Investors with employer-sponsored retirement plans have the option to take out a 401k loan against the money in their retirement account. The decision to borrow on a 401k loan is a hotly-debated topic and you should weigh all the drawbacks carefully. A 401k loan may seem like a nice way for the government to provide you with emergency income, but the rigid rules that apply to 401k loans make them a wise option for only a small percentage of investors. Use this quick guide to see if a 401k loan is right for you.
401k Loan Basics
IRS and employer regulations stipulate that only $50,000 – or 50% of the account’s value, can be taken as a 401k loan. The loan must be repaid in full within 5 years, and you have to pay interest on the borrowed money even though it was your money to begin with. On the plus side, the interest you pay is usually at or around the prime rate, so a 401k loan might be a better option than a home equity loan, a payday loan or a credit card.
The interest you pay will go back into your account, but with interest rates so low you could easily lose big if you borrow from your 401k instead of leaving it alone and letting it grow.
If you have job security concerns then a 401k loan may not be the best idea. Your 401k loan must be paid back immediately if your employment with the 401k sponsor ends, and if you can’t make the full payment then the balance will count as taxable income for the fiscal year in question. This is one of the biggest drawbacks to a 401k loan and catches most people off-guard. With layoffs and downsizing more present in the workforce than ever before, it’s increasingly difficult to find the job security we all used to count on. If you are caught in the situation where you need to immediately repay a 401k loan, you may be forced into taking another type of loan at higher rates.
If you are younger than 59 ½ and find yourself missing payments on a 401k loan, the proposition is even worse because you will have to pay a 10% early 401k withdrawal penalty. The combination of having an outstanding 401k loan, being jobless, possibly being pushed into a higher tax bracket and sustaining an IRS penalty is not a hole that most people can get out of quickly.
Your employer may match 401k contributions up to 50%, but if you take out a 401k loan you will lose the ability to make your own maximum contribution. Matching is a big advantage of 401k plans so losing the benefit is not something to take lightly.
Since a 401k loan must be repaid within five years, it limits the amount you can safely withdraw. If you might not be able to repay the loan over the five-year period, consider other types of loans or ways to come up with the money. Even at higher rates, other types of loans may be a better choice if you can avoid the taxes, penalties and missed employer matching that comes from a defaulted 401k loan.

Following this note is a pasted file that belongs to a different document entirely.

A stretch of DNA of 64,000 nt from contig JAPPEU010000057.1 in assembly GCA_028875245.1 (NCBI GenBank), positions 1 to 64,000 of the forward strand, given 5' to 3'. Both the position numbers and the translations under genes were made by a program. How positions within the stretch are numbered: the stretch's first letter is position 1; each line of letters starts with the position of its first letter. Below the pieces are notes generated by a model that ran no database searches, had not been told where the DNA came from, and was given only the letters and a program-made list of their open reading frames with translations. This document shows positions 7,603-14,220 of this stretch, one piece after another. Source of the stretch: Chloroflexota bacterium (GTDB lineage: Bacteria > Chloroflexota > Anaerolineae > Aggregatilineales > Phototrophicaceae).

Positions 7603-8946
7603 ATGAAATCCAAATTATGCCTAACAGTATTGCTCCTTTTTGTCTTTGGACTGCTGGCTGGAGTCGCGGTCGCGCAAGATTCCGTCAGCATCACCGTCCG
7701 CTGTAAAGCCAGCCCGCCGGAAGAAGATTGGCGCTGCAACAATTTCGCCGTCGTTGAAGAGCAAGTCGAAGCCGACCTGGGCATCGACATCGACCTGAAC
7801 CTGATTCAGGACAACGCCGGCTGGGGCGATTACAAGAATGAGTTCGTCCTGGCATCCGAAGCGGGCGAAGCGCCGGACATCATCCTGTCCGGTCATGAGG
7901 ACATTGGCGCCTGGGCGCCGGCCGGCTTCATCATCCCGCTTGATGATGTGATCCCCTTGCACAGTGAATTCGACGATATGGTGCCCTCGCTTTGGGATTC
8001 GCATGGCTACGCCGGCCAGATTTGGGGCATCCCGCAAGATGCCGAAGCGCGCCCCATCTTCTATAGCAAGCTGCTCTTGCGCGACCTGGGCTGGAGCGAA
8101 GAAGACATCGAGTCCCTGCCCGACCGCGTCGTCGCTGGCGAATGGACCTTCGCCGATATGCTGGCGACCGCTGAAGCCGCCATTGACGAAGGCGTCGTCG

When to Take out a 401k Loan and When to Avoid It
A loan against your 401k retirement account comes with the advantage of being a lower rate than other loans and some persuasive benefits but it may be more trouble than it’s worth. Make sure you weigh all the hidden costs like missed employer matching and the potential for taxes and heavy penalties.
- If you are suffering hardship from medical bills or other debts that just can’t be paid, you may qualify for a hardship withdrawal. You will still pay taxes on the amount withdrawn but will avoid penalties and can take out only the amount you need.
- If your credit score is so low that you can’t get another type of loan or rates are prohibitively expensive, a 401k loan may provide the only affordable answer
- If you are barely able to pay your bills from current income, its best to avoid borrowing on your 401k. Loan payments are usually taken directly from your pay so your income will decrease before you even see your check
- The repayment period on a 401k loan may be extended when borrowing to purchase a home. Make sure you consider payments on all loans, mortgage and from your 401k, when deciding affordability
Contact 401kRollover for a Free 401k Loan Consultation
To put it simply, a 401k loan is easy to execute and people do it every day but if you have low job security, need a very large loan, need a long-term loan and/or are relatively young then a 401k loan should be one of the last options on your list of places to create liquidity.